I had definite plans for Saturday. After my morning coffee, I was going to put the dogs in the car and take them to the dog park for a long stretch of outdoor exploring and running around. I was going to do take Cheyenne to the vet to get her nails clipped, do some laundry and run some necessary errands. I was going to have dinner with a dear friend who I haven't seen in a while.
But as soon as I walked downstairs and opened Dixie's crate, all those plans evaporated. She hobbled out of her crate on three legs, not letting her back left leg touch the ground. I gently rubbed my hands on her leg to see where the problem was and she flinched and whimpered.
I made a cup of coffee and dialed her vet. They said to bring her in as soon as possible. I set the cup of coffee on the kitchen counter, changed out of my pajamas, brushed my teeth, collared Dixie and off we went. Dixie was in such discomfort that she whimpered much of the drive.
When the vet examined her, she felt around her leg and toes, specifically looking for a broken bone, and Dix seemed uncomfortable but for the most part was okay. But when the vet rubbed on her hips, Dixie yelped. When she pulled her right leg back, she yelped again. The vet looked at me and said, that's not even the leg that's hurting her. I need to take some xrays to see what is going on.
Poor Dixie was so uncomfortable and stressed. The vet said they were going to sedate her for the xrays and also get some pain medicine in her. They sent me on my way and told me to come back later that afternoon.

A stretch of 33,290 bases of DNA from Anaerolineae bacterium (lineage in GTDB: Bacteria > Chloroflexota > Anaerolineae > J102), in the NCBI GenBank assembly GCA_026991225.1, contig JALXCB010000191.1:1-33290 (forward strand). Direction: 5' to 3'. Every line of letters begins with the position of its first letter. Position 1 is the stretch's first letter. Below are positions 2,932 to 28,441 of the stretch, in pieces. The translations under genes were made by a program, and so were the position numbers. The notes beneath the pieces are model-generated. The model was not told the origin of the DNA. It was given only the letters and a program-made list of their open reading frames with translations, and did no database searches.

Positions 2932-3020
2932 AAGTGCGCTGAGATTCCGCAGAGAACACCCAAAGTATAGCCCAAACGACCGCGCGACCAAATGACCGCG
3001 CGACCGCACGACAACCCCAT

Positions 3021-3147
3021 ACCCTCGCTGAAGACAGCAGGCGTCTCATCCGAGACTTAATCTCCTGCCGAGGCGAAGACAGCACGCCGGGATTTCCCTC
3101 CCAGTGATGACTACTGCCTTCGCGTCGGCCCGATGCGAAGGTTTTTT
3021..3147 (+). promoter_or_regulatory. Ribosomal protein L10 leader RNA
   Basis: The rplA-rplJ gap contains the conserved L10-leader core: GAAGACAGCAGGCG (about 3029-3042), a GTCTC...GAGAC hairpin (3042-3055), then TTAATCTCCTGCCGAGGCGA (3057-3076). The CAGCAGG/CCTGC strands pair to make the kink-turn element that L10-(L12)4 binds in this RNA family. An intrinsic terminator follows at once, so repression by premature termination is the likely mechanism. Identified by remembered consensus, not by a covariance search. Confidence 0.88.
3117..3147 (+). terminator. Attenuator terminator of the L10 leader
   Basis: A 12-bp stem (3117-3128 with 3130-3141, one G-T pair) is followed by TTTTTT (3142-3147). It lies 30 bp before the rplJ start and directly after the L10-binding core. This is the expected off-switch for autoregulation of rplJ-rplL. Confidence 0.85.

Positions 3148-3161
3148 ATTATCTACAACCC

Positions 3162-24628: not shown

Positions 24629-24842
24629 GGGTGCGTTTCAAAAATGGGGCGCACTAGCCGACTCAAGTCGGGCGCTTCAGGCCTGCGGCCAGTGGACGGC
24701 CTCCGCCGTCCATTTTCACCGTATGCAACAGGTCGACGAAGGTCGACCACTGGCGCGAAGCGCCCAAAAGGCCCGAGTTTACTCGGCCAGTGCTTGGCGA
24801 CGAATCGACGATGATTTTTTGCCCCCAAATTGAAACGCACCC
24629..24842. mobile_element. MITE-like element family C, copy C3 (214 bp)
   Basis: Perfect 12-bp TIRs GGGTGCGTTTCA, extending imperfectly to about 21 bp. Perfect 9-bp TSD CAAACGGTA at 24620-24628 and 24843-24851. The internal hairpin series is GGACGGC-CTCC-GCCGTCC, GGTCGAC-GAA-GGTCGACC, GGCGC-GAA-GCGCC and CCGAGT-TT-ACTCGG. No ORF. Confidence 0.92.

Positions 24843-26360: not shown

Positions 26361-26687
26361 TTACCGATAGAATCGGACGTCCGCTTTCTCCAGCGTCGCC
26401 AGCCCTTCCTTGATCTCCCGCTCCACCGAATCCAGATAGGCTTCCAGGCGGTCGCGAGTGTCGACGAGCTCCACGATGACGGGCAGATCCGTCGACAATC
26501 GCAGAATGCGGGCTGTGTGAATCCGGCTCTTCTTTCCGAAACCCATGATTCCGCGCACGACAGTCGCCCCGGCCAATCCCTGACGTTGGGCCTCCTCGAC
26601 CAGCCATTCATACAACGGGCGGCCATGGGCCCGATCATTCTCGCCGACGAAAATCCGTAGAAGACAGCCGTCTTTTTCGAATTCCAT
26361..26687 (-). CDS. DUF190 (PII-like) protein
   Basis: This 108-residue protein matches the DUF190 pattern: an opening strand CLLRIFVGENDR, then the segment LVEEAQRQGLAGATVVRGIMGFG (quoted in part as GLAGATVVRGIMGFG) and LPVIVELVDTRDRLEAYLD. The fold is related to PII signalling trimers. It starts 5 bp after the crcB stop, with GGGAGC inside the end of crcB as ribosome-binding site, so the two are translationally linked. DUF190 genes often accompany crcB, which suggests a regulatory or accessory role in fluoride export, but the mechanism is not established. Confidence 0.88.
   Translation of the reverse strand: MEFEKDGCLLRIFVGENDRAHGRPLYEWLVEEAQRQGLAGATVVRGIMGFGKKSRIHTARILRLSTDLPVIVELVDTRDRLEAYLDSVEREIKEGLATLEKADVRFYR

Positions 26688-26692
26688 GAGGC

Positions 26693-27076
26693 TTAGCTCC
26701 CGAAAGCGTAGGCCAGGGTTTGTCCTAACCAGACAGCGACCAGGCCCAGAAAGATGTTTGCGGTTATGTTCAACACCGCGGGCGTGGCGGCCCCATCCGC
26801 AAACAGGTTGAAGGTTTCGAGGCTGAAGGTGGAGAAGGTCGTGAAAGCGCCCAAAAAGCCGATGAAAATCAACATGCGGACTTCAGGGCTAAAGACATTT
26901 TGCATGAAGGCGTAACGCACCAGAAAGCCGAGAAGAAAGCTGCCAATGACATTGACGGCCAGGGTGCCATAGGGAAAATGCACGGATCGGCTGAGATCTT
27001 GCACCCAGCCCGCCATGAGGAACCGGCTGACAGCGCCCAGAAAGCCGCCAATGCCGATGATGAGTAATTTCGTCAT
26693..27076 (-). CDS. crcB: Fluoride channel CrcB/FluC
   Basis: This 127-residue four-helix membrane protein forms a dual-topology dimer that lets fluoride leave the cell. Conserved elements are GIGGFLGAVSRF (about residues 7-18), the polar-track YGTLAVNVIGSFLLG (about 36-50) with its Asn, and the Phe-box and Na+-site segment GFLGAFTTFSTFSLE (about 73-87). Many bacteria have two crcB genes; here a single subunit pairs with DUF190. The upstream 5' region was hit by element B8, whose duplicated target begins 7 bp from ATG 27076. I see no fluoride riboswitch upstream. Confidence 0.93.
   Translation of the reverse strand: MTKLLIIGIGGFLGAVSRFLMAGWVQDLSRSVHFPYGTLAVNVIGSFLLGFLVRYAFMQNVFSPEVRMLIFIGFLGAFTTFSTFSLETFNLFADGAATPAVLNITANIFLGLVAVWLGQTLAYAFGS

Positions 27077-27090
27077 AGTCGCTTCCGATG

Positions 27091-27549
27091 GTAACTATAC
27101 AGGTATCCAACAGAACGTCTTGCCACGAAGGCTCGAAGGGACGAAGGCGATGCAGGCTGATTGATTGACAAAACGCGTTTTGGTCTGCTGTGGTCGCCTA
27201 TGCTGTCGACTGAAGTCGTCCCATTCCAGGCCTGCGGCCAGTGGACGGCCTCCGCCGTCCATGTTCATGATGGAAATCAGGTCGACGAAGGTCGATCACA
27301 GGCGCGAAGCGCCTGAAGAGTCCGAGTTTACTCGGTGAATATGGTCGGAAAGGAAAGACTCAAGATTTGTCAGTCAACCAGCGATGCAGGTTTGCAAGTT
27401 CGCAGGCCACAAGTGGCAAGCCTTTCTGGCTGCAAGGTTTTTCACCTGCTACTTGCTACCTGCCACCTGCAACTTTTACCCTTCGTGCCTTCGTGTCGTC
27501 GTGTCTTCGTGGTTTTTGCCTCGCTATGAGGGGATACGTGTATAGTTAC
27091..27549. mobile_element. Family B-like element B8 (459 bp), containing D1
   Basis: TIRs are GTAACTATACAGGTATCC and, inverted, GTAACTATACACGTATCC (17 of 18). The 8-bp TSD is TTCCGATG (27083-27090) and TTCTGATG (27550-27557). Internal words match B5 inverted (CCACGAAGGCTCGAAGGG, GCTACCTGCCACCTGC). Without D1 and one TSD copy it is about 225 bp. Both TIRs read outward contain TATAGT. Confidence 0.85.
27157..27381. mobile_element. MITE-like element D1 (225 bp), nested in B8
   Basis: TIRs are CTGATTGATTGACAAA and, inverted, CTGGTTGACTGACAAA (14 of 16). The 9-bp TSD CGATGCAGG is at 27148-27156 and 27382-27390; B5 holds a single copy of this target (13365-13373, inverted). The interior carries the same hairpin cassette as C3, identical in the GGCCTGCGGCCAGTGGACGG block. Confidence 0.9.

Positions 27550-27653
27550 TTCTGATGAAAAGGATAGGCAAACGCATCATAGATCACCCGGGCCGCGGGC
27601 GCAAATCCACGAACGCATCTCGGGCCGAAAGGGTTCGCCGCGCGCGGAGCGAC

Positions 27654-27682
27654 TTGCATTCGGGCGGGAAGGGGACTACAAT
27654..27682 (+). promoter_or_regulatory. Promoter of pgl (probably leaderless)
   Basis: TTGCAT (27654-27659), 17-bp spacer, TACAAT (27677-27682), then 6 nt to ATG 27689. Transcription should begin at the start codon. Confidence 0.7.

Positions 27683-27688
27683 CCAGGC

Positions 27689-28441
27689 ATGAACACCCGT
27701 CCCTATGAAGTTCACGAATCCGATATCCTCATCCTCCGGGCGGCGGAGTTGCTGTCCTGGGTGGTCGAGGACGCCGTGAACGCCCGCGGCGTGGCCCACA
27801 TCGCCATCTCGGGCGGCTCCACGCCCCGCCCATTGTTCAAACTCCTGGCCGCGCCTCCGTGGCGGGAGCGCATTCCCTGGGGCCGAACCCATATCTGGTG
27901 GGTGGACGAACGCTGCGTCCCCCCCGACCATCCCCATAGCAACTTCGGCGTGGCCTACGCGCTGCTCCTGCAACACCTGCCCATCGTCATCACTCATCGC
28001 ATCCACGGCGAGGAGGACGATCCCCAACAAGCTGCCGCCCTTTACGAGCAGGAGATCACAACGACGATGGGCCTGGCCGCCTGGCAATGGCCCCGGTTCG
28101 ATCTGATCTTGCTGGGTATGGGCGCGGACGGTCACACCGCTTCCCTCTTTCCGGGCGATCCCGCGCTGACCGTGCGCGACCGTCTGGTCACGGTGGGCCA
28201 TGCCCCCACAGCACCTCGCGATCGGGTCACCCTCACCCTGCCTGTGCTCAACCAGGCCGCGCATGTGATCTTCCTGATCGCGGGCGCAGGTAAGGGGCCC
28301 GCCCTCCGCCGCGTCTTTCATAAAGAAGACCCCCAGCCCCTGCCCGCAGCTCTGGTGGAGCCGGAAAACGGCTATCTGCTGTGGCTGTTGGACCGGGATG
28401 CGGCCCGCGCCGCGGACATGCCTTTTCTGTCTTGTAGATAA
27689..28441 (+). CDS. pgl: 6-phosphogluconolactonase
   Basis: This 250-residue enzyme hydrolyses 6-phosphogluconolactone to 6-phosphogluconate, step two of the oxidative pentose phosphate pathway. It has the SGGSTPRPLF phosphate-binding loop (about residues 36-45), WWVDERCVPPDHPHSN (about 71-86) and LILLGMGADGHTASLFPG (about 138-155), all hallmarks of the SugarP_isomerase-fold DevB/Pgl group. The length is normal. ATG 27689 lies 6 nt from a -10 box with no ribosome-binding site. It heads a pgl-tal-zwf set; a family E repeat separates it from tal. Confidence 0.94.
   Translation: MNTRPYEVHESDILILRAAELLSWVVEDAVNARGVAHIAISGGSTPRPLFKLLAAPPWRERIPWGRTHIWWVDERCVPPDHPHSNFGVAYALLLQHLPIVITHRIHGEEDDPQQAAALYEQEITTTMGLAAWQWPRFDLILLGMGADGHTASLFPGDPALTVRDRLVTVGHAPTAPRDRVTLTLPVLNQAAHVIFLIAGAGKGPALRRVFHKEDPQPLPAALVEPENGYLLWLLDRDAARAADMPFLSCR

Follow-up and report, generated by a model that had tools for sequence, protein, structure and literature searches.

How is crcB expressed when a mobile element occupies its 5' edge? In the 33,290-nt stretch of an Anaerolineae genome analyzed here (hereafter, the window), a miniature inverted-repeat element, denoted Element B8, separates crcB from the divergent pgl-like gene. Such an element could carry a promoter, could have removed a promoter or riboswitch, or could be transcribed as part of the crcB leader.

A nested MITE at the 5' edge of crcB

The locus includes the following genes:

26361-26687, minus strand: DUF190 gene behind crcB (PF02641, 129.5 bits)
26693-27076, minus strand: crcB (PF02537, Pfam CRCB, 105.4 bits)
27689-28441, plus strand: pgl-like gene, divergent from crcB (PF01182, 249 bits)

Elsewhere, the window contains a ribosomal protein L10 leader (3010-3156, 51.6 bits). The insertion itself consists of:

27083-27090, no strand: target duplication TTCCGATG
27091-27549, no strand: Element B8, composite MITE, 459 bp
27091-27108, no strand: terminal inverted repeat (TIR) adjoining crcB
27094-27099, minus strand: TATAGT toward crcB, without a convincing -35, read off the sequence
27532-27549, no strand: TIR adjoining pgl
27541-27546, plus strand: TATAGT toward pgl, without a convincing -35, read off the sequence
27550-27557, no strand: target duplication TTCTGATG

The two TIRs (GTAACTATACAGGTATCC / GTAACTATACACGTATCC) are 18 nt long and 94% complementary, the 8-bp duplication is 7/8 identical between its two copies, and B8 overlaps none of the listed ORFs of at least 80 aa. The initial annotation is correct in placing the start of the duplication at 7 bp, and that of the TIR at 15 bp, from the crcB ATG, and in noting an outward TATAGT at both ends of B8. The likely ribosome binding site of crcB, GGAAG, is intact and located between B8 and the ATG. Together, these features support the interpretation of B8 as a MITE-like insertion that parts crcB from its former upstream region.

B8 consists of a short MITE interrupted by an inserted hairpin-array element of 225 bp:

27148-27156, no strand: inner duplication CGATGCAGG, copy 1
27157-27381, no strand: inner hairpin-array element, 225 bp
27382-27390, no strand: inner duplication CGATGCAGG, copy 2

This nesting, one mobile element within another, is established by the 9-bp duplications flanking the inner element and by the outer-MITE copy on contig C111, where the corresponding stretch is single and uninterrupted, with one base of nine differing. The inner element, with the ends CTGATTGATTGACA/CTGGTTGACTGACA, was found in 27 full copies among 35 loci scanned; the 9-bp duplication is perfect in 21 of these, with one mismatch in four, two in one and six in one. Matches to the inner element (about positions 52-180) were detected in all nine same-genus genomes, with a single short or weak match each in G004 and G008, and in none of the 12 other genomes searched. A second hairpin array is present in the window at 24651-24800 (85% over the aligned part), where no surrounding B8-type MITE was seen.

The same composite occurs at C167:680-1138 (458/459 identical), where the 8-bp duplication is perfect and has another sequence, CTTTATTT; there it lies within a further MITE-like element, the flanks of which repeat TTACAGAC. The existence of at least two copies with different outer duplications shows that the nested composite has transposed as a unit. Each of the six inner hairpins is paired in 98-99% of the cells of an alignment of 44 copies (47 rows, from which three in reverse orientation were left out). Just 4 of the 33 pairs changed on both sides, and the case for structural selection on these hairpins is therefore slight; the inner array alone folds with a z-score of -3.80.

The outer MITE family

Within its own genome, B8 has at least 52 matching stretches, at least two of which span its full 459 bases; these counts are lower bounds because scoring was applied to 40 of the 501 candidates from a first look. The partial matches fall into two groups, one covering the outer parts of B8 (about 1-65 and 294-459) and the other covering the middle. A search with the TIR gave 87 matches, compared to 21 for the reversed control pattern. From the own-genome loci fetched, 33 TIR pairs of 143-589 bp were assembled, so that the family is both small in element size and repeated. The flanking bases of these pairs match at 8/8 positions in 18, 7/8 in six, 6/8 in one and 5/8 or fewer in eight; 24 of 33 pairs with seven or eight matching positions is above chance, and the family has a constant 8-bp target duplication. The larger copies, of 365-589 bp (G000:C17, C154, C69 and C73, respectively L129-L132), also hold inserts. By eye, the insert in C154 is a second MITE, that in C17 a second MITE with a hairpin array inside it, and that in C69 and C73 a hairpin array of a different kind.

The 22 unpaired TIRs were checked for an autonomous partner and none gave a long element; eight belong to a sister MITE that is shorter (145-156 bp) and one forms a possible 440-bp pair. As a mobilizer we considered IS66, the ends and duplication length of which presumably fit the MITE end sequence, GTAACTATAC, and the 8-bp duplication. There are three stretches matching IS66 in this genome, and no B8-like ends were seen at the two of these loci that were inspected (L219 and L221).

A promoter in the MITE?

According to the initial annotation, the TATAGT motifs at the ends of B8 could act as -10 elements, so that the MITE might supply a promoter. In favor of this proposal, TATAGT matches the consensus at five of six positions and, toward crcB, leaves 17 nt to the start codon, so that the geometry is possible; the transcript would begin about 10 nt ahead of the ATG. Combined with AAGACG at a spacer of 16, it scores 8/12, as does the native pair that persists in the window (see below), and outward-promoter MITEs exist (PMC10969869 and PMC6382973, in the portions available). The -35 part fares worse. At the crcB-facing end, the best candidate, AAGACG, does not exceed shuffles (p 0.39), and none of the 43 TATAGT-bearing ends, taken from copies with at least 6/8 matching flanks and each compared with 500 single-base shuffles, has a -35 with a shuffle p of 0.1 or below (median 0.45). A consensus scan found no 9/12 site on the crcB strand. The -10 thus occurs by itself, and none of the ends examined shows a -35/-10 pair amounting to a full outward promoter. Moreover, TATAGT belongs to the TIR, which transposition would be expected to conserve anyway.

I didn't expect what the vet reported to me. At ten and a half months old, Dixie has severe hip dysplasia. The vet said it was the worst case she's seen in ten years. She had to pop Dixie's femoral head back into the socket but the socket is extremely degraded, as you can see in the xray image. That top socket should be shaped like a "C" and not an opening parentheses (.
I have a referral to the Surgery and Orthopedics department at Gulf Coast Veterinary Specialists, which is a wonderful veterinary medical center here in Houston. They worked their magic on Cheyenne's throat earlier this year and I cannot say enough good things about the veterinarians and surgeons there. However, they are very expensive. Where Cheyenne's laryngeal paralysis was covered by her insurance, the insurance company won't cover Dixie's diagnosis or treatement because the issue is hereditary. (Yes, I have written her breeders to let them know about the issue.) There are several surgical options and I'm not sure which will be best for Dixie or how much that will cost. I'll soon learn though.
Right now, Dixie is on anti-inflammatories and pain medicine. She is acting completely normal and it is difficult to keep her from running around as usual because with her femoral head popped back in place, and the pain pills, she feels no pain or physical impairment at all.
Keep her in your thoughts, please.